- Client Input
- Will the facility operate their own programs? Or will the facility simply rent time to user groups?
- How much will the real estate cost?
- Are there other costs?
- Proposed Location
This information funnels into a projected revenue pro forma, a SWOTT (Strengths, Weaknesses, Opportunities, Trends and Threats) analysis, and, if needed, location analysis. Location is the largest factor leading to success or failure of an athletic facility.
Once the preliminary work is done and the location appears successful, the feasibility study can then begin to consider expenses. Here are the elements I consider when preparing an expense pro forma:
- Minimum Wage, both current and projected
- Utilities Cost
- Cost of Insurance (Facility, Health and more)
- Living Wage Ordinances
- Real Estate Costs, Construction Costs
- Seasonality (All year or part of the year?)
- Programming decisions (Lease ice time, or run in-house programs?)
With this detail, an expense pro forma can be generated, which allows the client to see a projected financial outlook for the proposed facility.
Final Business Feasibility Report
The end product of a business feasibility study is a written report detailing how an owner or investor can expect the ice rink to net out. Many prospective ice rink and arena projects use the report to recruit investors, banks, cities, and other financial stakeholders. All the factors are presented in a manner that is understandable to the team building and financing the rink.
Additionally, a business feasibility report provides qualitative interpretations that assesses how a new facility would benefit the community and improve the quality of life there. Much of a rink’s benefit lies beyond financial value, providing the space, activity, and resources to pull community members together in a new way.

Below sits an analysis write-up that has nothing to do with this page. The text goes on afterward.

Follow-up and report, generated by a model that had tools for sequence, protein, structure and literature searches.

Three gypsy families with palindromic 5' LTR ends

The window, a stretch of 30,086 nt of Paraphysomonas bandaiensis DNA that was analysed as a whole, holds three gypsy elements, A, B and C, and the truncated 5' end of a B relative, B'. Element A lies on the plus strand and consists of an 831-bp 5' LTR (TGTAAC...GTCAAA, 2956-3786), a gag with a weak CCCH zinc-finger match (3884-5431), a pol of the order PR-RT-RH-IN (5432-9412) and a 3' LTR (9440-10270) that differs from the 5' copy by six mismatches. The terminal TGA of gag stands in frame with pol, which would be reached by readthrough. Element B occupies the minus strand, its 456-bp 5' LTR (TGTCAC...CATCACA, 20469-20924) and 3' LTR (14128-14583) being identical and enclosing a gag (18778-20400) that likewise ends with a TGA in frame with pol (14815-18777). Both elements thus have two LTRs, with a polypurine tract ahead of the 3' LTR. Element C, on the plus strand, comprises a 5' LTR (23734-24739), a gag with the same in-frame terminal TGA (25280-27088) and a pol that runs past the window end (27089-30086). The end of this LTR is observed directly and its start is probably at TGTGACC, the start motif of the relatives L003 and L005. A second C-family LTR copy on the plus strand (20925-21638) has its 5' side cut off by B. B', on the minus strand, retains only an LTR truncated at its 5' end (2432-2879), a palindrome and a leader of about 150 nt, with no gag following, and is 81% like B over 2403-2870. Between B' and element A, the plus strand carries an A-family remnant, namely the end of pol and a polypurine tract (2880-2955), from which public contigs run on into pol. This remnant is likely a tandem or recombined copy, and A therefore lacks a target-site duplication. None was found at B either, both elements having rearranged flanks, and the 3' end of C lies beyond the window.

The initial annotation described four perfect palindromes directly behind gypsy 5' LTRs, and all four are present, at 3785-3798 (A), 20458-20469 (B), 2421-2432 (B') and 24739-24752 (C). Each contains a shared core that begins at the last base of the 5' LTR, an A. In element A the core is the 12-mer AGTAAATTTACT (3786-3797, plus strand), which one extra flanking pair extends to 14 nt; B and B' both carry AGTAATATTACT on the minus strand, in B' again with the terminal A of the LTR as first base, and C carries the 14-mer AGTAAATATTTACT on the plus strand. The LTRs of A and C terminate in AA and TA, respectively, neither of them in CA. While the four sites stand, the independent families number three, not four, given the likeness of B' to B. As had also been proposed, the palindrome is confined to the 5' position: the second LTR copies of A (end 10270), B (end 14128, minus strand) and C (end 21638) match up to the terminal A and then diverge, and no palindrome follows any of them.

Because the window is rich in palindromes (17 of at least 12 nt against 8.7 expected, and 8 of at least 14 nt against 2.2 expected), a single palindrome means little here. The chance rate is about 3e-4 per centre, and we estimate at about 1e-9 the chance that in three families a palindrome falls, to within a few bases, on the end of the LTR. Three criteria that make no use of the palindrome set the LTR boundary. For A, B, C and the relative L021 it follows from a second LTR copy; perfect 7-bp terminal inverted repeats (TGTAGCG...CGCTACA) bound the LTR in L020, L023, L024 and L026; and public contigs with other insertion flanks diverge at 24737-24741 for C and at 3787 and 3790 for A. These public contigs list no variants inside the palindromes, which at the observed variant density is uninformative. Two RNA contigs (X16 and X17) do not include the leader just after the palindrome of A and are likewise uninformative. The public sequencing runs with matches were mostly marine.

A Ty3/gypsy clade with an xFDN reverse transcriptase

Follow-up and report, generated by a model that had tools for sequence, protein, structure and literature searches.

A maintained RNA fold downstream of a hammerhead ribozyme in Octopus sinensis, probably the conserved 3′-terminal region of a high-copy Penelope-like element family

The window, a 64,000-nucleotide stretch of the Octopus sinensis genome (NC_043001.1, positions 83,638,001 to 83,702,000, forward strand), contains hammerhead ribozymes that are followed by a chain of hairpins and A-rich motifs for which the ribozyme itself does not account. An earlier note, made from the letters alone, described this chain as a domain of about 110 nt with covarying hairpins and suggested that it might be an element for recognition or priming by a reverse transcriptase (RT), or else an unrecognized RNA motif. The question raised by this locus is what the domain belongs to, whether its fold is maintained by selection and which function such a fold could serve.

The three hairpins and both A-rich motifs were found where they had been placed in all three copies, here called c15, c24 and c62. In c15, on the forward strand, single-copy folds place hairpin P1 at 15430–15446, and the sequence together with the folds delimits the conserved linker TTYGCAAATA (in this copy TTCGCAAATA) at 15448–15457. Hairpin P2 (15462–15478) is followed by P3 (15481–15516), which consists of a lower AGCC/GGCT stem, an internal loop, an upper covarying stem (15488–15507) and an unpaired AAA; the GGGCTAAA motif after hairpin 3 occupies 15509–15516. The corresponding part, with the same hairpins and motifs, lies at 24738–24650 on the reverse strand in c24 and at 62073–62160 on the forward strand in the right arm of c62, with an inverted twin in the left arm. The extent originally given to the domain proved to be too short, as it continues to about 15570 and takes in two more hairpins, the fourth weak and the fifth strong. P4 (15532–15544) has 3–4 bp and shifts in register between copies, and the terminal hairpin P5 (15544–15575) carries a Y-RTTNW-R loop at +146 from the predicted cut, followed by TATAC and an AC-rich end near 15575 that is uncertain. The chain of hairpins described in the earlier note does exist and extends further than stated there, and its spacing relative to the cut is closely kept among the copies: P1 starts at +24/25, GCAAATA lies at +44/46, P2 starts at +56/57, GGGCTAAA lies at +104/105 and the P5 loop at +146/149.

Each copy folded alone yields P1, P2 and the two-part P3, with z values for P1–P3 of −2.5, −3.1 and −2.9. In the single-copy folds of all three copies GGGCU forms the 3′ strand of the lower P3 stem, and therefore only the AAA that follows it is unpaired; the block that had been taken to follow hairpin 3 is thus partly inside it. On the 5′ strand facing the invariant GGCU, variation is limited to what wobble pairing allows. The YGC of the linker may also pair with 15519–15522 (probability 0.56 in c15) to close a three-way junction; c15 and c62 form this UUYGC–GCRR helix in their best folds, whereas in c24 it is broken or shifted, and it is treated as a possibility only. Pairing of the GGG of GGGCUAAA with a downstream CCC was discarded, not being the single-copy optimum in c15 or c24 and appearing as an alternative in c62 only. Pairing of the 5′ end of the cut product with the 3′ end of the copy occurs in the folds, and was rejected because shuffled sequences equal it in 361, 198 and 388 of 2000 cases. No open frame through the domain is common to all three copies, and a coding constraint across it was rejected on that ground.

Rink in a Box
The Rink in a Box design is a facility with just the fundamentals, perfect for small communities all over the nation where one sheet of NHL ice fits the towns' needs. When needed, the rink design can easily be scaled up into something larger to fit custom community needs.
To accompany this small community ice rink design, RMSC has designed a stripped-down version of our Business Feasibility Study. This feasibility study includes a survey of:
- 5 closest ice rinks
- Marketing plan
- US Census information pertinent to building a rink
- US ice sports outlook
- SWOTT (Strengths, Weaknesses, Opportunities, Trends and Threats) analysis
- Community quality of life improvements
- 5-year pro forma, detailing revenue and expenses at different levels of usage
Since this is a stripped-down feasibility study, the cost would only be $4,995, with add-ons available. Clients could buy additional report features, including but not limited to Environics Consumer Data (lifestage data by location), survey-based instruments to determine community needs, sample employee schedules, wage and salary report for ice rink jobs, and/or an economic impact study.
This dual feasibility study approach is an excellent way to start your ice rink building adventure. Together, you will have the assets needed to inspire, educate, and fund the ice rink / arena project of your dreams.